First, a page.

We have recently identified pyrazolopyrimidine derivatives as biochemical inhibitors of PI3K and based on these results, we developed the potent and selective lead compound ETP-45658 . Here we report our detailed comparative analysis of the chemical, physical and biological properties of ETP-45658 and the reference PI3K inhibitor PI-103 in a broad range of cancer cells particularly breast cancer cells. Furthermore we evaluated and validated the genome-wide transcriptional changes in breast cancer cells following exposure to ETP45658 or PI-103 and demonstrate elucidating the differential induction of specific FOXO-regulated genes.
Material and methods
Cell culture and compounds
Cell lines were obtained from the American Type Culture Collection (ATTC). U2OS were cultured in Dulbecco’s modified Eagle’s medium. PC3, MCF7, HCT116, MV4.11 and NCIH460 were grown in RPMI. All media were supplemented with 10% foetal bovine serum (Sigma-Aldrich, St Louis, MO, USA) and antibiotics-antimycotics. The procedures for the synthesis of ETP-45658 and PI-103 have been described previously .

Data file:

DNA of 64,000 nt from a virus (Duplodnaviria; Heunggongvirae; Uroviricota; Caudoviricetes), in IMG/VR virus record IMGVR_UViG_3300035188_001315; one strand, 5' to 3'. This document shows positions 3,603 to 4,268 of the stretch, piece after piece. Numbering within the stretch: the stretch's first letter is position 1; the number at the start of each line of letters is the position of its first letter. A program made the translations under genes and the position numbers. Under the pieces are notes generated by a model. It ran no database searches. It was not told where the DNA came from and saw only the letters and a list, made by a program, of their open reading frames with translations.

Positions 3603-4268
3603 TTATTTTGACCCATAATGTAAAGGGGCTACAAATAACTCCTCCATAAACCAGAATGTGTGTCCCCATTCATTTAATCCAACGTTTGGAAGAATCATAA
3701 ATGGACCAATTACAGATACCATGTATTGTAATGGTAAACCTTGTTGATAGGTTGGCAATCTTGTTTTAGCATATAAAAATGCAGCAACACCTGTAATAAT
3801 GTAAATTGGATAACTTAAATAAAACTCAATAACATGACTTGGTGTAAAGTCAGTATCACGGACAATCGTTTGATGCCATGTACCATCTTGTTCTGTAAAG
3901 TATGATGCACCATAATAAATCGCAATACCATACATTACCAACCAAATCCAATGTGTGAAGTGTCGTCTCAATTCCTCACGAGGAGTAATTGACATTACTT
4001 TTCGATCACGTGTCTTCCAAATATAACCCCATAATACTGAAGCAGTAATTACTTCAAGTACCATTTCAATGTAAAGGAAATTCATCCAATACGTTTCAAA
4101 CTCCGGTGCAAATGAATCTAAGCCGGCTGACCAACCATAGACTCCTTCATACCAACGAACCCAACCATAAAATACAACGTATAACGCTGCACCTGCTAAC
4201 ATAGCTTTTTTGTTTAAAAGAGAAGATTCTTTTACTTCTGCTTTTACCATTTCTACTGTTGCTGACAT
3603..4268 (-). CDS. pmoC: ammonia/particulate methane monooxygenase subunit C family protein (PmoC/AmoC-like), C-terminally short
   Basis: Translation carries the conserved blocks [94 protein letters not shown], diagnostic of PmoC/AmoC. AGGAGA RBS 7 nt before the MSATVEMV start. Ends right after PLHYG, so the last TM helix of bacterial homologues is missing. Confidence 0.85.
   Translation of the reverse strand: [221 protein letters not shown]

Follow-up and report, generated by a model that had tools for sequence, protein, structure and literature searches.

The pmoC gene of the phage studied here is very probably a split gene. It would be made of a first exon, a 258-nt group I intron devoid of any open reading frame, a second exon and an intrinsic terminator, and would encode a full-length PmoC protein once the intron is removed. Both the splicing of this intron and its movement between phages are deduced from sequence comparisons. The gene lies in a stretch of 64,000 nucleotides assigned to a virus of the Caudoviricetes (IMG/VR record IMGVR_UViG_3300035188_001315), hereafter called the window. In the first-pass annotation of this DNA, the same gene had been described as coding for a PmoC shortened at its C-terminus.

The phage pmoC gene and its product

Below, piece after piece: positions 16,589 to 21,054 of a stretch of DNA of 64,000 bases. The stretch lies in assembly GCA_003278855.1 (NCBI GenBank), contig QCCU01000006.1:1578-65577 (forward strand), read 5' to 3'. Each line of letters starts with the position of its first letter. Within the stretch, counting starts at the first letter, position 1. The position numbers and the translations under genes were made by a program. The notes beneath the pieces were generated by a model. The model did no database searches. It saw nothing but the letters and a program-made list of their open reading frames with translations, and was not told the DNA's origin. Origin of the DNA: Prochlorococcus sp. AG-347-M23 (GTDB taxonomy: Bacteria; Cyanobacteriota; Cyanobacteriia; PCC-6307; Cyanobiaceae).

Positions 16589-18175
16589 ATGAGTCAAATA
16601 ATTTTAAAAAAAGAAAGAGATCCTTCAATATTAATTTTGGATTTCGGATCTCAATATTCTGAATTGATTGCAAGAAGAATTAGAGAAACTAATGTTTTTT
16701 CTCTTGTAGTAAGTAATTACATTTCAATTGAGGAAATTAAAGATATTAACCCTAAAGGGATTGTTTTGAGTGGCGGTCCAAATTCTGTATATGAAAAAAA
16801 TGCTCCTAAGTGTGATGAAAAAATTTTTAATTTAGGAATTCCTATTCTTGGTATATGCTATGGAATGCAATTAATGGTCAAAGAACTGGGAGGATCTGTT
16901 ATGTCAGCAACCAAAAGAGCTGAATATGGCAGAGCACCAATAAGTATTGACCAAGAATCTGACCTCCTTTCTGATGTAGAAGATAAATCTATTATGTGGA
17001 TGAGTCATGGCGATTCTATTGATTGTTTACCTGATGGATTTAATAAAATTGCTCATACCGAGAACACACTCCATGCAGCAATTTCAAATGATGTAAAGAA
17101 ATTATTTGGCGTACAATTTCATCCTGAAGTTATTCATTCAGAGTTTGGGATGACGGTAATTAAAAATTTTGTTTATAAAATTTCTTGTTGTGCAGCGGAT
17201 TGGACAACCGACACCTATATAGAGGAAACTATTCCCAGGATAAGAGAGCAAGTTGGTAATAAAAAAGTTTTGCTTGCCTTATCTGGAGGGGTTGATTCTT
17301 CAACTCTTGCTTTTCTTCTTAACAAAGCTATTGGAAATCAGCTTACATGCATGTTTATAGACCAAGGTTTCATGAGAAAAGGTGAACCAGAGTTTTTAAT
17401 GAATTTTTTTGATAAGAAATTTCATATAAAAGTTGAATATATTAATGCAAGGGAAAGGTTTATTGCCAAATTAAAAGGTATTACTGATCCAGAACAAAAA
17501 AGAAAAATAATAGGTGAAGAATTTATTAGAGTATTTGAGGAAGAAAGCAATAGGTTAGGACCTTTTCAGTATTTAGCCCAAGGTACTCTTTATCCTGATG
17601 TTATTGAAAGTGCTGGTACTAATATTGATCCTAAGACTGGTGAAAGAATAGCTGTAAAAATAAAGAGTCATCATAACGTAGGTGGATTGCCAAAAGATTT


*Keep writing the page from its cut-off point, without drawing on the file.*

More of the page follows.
The kinase activity of PI3Kα, PI3Kβ, PI3Kδ and PI3Kγ, mutant PI3Kα (H1047R and E542K) mammalian target of rapamycin (mTOR) and DNA-PK was measured as described previously . The protein kinase assays depicted in Figure S1 in Additional file 1 and Table S2 in Additional file 2 were performed at ProQinase, GmbH .
In silicoassessment of physiochemical properties
To calculate the in silico parameters of each compound, we analysed both agents using PhysChem Batch software (ACD20, Advanced Chemistry Development, Inc. Version 12 ACD/Labs, Toronto, ON, Canada) that is based on the quantitative structure-property relationship (QSPR) methodology (including pKa and LogD values).
Boyden chamber matrigel invasion assay
Cell-invasive capacity was determined using two-compartment Boyden chamber matrigel invasion assay (BD BioCoat™ Matrigel™ Invasion Chambers, BD Biosciences 354480, BD Biosciences, San Jose, CA, USA). MDA-MB231 cells were allowed to invade for 72 hours at 37°C. All of the inserts and the liquid in each well of the companion plate were removed. 10% serum RPMI medium with 5 μM calcein was added to each and incubated for 1 hour (in darkness). Fluorescence was measured with a luminometer (Envision, PerkinElmer, Inc, Waltham, MA, USA) at 485/535 nm and the results were analyzed in Activity Base (IDBS, Guildford, UK).